Should You Apply to Positions You Are Under-Qualified For?

Should You Apply to Positions You Are Under-Qualified For? was originally published on Hospital Recruiting.

Should you apply for positions that you are not completely qualified for? This is a question that many job seekers struggle with. On the one hand, you do not want to sell yourself short and miss an opportunity to advance your career. On the other hand, you don’t want to waste your time applying for jobs that you would never be considered for anyways.

Ultimately, when considering a job you are not fully qualified for, it really depends on the specific situation. Employers almost never make every requirement hard and fast. However, there are some requirements that cannot be flexible. Additionally, there are ways that you can enhance your chances of being accepted for these positions. By taking into consideration some basic principles, you can optimize the likelihood of getting a position that seems above your qualifications.

Don’t Assume It Is Completely Necessary to Meet All Requirements

Every employer and job posting are different, but it is not typically necessary to meet 100% of every job requirement. That being said, if you only meet 10% of the requirements, your chances are very, very slim. Many experts agree that a good rule of thumb is that you meet about 80% of the requirements in a job posting if you are thinking about applying.

When considering jobs that you are under-qualified for, you should recognize how you are under-qualified. This involves seeing what areas you do not fully meet and evaluating if you could still be considered. If the job requires that you have a degree as a medical doctor and you only have a bachelor’s degree, for example, you are very unlikely to be considered. If a job requires eight years of management experience, however, and you only have four, this may not be as much of a deal-breaker.

Be Sure You Could Actually Do the Job

While employers may not rigidly hold to every job requirement when actually choosing an employee, those requirements are listed for a reason. The one thing worse than not being able to get a job that you are under-qualified for is getting a job that you are under-qualified for and are actually unable to do well.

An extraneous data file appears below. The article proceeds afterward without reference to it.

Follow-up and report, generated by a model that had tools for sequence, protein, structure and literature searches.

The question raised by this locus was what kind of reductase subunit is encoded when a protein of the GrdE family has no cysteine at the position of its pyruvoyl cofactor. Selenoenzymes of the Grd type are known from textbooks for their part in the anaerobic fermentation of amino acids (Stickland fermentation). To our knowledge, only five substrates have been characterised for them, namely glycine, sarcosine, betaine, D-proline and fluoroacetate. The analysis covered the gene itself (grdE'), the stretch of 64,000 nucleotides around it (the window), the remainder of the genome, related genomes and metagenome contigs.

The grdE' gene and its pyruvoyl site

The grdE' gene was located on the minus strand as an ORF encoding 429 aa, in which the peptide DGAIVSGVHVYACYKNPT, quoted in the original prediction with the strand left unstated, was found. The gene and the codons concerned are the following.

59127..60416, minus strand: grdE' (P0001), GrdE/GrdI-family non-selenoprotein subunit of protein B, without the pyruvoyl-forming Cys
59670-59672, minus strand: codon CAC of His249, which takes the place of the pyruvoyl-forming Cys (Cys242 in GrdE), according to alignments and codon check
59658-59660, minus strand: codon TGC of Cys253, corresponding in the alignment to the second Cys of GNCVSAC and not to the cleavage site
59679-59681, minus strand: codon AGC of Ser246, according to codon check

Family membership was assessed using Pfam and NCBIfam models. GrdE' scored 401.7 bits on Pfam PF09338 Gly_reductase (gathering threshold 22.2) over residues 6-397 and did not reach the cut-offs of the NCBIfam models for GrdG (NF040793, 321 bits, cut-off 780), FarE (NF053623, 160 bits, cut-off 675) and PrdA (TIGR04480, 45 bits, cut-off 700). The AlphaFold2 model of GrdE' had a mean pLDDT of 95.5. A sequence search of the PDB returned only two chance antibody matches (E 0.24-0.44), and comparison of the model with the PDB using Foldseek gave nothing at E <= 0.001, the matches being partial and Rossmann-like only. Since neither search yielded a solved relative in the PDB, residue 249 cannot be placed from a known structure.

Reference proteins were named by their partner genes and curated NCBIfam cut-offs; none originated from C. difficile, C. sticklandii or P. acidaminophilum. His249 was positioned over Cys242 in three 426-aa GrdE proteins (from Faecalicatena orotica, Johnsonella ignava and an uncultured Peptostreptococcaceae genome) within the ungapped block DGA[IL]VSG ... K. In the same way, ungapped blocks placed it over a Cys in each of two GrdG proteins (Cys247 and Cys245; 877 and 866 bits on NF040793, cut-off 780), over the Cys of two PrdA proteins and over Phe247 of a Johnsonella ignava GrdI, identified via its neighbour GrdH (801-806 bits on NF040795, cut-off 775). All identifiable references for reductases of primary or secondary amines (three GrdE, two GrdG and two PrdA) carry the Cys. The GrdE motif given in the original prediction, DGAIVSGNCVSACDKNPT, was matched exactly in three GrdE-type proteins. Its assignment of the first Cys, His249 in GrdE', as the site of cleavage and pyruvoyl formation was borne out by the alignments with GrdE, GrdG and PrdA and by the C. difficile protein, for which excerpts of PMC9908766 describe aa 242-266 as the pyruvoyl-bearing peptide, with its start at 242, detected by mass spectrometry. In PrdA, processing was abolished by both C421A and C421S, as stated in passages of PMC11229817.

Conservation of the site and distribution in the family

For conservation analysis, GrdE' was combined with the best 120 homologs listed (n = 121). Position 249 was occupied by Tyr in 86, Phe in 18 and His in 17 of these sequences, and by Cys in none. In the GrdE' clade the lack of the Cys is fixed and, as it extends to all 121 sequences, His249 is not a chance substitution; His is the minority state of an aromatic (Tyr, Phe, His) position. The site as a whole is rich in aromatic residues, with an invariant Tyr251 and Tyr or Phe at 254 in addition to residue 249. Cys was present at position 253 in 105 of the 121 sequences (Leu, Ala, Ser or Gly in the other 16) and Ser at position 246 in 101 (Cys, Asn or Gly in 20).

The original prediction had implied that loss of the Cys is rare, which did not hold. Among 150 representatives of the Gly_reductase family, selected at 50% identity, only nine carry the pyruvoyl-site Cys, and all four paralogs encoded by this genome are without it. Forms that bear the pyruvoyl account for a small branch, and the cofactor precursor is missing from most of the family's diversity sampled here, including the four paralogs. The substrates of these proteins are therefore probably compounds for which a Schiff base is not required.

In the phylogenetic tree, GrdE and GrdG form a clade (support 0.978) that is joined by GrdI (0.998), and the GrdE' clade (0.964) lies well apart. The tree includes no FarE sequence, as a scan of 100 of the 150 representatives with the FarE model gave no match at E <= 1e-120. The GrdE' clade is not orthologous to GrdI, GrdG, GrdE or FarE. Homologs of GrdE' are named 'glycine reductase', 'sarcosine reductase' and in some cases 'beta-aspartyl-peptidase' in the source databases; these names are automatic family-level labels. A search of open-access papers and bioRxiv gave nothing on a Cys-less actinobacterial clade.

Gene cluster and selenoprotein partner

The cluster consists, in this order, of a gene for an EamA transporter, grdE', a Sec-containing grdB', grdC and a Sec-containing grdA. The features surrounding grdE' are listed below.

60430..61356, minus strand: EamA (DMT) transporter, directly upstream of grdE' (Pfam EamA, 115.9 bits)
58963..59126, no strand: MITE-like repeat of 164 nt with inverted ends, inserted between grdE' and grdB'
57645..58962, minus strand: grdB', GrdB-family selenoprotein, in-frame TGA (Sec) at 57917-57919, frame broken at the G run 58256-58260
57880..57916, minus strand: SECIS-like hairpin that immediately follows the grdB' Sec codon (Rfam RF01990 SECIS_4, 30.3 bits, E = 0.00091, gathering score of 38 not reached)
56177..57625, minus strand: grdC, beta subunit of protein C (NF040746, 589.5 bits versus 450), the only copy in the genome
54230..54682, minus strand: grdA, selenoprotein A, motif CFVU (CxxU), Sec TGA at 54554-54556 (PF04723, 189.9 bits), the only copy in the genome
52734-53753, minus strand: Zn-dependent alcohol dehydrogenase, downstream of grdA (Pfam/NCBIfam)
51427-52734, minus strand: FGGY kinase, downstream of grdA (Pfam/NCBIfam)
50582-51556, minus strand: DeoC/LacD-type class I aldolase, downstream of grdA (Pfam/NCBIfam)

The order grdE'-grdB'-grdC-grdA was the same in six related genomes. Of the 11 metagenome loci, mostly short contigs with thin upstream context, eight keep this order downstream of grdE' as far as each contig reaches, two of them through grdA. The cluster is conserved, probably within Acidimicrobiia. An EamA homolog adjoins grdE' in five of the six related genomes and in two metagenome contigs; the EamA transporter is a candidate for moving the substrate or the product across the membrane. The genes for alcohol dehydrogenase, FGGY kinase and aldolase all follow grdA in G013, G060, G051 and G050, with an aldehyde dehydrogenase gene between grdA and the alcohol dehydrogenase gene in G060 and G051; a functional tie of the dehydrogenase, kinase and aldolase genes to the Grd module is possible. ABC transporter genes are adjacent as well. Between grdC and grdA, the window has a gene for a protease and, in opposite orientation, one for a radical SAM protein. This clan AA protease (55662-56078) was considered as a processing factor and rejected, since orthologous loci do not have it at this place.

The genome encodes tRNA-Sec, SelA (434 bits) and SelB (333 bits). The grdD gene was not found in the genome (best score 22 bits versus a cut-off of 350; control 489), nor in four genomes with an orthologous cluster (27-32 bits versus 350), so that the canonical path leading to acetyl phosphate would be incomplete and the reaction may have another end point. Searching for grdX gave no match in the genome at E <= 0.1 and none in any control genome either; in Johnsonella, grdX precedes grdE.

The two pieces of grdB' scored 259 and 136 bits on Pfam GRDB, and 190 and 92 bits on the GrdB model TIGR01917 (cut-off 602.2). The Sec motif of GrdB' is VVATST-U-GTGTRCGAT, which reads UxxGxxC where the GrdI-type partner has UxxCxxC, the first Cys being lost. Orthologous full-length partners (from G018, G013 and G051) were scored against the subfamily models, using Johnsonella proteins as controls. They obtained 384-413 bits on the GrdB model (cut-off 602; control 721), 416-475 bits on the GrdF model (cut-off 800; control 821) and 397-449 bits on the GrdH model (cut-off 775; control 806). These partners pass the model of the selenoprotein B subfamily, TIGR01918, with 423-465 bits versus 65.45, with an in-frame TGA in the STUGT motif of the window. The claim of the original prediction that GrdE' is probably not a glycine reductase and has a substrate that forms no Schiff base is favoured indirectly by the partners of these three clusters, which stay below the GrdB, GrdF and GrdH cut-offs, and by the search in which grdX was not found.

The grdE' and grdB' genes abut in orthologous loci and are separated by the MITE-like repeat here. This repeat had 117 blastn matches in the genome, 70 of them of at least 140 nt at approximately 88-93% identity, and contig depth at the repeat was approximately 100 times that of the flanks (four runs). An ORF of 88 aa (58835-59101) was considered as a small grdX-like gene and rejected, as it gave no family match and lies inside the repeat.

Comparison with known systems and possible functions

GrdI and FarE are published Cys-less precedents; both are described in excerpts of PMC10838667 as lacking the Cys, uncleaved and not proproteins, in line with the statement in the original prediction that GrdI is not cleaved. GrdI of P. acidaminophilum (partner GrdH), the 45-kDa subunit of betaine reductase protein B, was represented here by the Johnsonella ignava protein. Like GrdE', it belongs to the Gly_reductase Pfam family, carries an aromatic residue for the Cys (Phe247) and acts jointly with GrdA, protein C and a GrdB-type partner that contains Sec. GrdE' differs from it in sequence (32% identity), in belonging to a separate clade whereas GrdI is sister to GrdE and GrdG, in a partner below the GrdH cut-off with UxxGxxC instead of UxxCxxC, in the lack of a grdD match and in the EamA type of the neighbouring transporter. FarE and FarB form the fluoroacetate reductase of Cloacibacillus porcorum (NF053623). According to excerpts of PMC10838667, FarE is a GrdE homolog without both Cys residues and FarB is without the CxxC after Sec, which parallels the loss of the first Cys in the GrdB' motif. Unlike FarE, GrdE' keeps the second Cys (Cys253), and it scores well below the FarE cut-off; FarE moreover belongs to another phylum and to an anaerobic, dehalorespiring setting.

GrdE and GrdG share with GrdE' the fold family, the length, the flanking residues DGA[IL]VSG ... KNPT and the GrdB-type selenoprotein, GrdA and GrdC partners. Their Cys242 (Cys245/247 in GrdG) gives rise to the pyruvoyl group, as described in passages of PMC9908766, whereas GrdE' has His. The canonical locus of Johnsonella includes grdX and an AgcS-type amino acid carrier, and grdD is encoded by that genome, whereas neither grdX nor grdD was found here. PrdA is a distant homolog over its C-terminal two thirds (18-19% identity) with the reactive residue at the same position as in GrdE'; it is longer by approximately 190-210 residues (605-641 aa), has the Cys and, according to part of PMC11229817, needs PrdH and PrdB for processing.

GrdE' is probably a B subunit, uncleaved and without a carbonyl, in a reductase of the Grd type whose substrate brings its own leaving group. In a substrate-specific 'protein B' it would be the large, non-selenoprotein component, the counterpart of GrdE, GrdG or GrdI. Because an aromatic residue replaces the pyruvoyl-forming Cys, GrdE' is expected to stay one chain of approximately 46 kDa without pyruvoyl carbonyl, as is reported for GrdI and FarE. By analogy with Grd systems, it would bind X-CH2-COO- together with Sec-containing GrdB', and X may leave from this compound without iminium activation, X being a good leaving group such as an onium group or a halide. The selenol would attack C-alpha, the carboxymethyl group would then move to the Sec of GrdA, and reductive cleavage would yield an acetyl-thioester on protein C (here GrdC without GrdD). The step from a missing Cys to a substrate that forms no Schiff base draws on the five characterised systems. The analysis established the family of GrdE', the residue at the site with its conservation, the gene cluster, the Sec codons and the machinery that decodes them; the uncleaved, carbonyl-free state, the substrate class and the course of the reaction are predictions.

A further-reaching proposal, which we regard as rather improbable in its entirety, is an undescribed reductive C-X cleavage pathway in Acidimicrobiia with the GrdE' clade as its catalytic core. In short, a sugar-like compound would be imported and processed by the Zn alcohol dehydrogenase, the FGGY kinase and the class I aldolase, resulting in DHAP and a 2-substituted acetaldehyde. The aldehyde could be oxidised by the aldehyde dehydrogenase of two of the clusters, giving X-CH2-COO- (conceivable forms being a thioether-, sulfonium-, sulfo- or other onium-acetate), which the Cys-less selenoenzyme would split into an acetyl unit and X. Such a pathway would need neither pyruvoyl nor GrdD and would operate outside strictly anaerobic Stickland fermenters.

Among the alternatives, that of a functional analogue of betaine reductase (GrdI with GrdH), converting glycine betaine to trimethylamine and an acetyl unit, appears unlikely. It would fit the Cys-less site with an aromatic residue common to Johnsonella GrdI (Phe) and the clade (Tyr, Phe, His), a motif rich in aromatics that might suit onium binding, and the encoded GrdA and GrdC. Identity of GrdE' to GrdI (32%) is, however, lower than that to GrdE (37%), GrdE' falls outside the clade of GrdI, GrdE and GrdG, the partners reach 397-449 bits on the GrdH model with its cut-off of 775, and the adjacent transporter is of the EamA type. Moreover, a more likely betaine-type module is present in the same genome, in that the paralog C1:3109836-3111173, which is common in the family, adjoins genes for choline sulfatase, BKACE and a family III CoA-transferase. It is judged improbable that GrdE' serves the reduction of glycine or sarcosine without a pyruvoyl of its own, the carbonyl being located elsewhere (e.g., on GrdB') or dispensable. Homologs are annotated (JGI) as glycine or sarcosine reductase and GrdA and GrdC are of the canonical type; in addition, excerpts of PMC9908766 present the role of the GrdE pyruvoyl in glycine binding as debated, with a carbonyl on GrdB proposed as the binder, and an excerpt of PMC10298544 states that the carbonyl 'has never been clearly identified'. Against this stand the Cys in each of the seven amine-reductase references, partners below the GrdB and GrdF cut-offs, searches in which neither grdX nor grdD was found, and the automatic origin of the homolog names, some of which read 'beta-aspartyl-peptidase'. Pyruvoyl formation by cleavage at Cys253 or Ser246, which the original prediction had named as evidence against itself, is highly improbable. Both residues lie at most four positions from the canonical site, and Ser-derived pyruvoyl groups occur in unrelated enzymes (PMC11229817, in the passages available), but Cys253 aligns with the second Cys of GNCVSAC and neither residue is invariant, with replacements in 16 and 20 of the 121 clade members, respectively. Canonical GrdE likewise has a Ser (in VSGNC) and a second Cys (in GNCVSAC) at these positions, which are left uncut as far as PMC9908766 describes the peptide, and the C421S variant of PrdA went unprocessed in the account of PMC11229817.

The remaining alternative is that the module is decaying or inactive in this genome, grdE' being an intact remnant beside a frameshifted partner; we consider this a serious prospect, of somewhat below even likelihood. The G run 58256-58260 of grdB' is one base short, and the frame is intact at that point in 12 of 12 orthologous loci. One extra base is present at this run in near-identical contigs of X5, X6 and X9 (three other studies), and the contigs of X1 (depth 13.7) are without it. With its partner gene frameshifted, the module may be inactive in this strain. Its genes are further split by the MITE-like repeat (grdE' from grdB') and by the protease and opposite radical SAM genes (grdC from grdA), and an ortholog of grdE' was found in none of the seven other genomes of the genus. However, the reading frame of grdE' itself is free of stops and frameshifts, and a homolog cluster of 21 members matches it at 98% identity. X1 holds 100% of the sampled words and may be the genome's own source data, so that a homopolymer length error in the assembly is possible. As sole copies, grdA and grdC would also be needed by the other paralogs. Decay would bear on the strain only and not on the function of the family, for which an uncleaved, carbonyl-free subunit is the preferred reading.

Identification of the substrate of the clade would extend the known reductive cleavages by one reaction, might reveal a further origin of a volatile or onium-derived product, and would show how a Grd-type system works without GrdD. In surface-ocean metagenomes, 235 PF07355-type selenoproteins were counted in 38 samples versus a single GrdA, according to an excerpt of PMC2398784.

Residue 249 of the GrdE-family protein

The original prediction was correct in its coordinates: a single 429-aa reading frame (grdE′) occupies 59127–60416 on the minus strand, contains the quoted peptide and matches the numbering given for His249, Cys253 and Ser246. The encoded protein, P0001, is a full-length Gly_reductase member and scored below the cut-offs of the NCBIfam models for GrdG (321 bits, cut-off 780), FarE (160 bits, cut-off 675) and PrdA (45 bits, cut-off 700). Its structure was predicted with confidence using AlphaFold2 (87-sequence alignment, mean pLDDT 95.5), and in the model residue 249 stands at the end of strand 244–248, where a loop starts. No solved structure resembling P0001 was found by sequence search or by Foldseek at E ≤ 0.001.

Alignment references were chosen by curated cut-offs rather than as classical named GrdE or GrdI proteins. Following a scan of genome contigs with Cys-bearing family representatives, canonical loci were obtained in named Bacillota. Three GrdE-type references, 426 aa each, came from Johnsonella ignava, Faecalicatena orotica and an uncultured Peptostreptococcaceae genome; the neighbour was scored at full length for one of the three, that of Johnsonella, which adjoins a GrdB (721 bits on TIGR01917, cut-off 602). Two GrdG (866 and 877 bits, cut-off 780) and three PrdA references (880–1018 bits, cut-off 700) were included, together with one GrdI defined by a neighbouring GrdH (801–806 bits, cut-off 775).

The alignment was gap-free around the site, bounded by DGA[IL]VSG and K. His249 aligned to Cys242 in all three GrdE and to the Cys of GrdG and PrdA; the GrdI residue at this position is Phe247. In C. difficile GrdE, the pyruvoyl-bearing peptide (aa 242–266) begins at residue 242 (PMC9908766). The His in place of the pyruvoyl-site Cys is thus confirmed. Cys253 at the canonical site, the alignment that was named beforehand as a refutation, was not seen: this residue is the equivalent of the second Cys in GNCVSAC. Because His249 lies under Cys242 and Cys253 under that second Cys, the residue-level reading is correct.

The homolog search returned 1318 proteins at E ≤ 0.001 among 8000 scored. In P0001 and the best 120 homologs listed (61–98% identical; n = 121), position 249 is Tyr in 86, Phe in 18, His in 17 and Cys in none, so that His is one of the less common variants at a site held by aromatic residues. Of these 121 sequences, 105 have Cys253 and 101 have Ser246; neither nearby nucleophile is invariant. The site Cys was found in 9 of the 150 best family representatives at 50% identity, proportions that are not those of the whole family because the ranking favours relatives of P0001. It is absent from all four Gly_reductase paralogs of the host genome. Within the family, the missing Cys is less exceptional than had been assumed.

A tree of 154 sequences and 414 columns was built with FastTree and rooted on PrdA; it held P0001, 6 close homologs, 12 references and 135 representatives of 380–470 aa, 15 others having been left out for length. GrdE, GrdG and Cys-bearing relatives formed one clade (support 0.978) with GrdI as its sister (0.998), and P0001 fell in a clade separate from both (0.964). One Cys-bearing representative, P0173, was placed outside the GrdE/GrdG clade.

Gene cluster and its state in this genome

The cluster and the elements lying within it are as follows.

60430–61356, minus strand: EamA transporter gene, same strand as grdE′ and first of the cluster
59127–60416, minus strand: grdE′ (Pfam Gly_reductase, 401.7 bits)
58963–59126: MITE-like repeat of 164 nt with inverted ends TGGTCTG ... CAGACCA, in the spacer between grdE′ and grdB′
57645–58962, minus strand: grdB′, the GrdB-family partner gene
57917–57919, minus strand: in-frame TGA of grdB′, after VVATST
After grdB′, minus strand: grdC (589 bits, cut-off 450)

When considering a job that you are under-qualified for, be sure to think through what would happen if you actually got the job. You may have to put some extra time and effort into getting up to speed with the job in order to meet the expectations of a new position and will need to be sure that you are prepared for the extra work you will encounter.

Be Ready to Explain Why You Should Be Considered

If you are applying for a position that you are under-qualified for, you should be able to explain why they should consider you, even though you don’t meet all their qualifications. You should explain this in your cover letter and anywhere else in the application that affords the opportunity. You should also be prepared to discuss this in your interview.

Your explanation should be as convincing as possible. For example, if the job description requires management experience and you do not have actual professional experience managing but have a similar experience coordinating a volunteer program, for example, you should explain your similar experience and how it relates.

Keep in mind that explaining why you should be considered doesn’t always have to include specific examples of things you have done in the past. Sincerely and passionately explaining that you know you don’t have the experience that they are looking for but that you have the drive and determination to do what it takes to be a success and add value can often be convincing.

Leverage Connections Within Your Network

When applying for jobs that you are under-qualified for, having the right connections can help. Not only can connections help you to be considered for jobs that you might otherwise not be, but they can also help you to understand what jobs you should apply to, even though you don’t meet all the qualifications and which ones won’t be a good use of your time to apply to.

An important consideration when connecting with people from your network about jobs that you are under-qualified for is that they may know that you won’t be a good fit for specific positions. Be tactful and pay attention if they are trying to discourage you from applying to a position. In these situations, the professional thing to do is to give your contact an out so that they do not feel pressured to help connect you with a job for which you are not a good candidate.

Be Okay With Rejection

Being rejected is part of applying for jobs; however, you are statistically more likely to be rejected when applying for positions that you are under-qualified for. It is important to understand that many of the hiring managers in these positions will go with well-qualified applicants, regardless of how passionately you describe your willingness to work hard and learn quickly.

Hiring managers don’t know you, they don’t know what you are capable of, and they, unfortunately, cannot learn about your passion and ability to grow from an application or even an interview. Before applying to jobs that you are under-qualified for, it is best to prepare yourself for being turned down, as this can happen more frequently.

Ultimately, applying for jobs you are under-qualified for may be more difficult and require more work to land. However, the potential rewards from putting in this extra effort can be well worth it.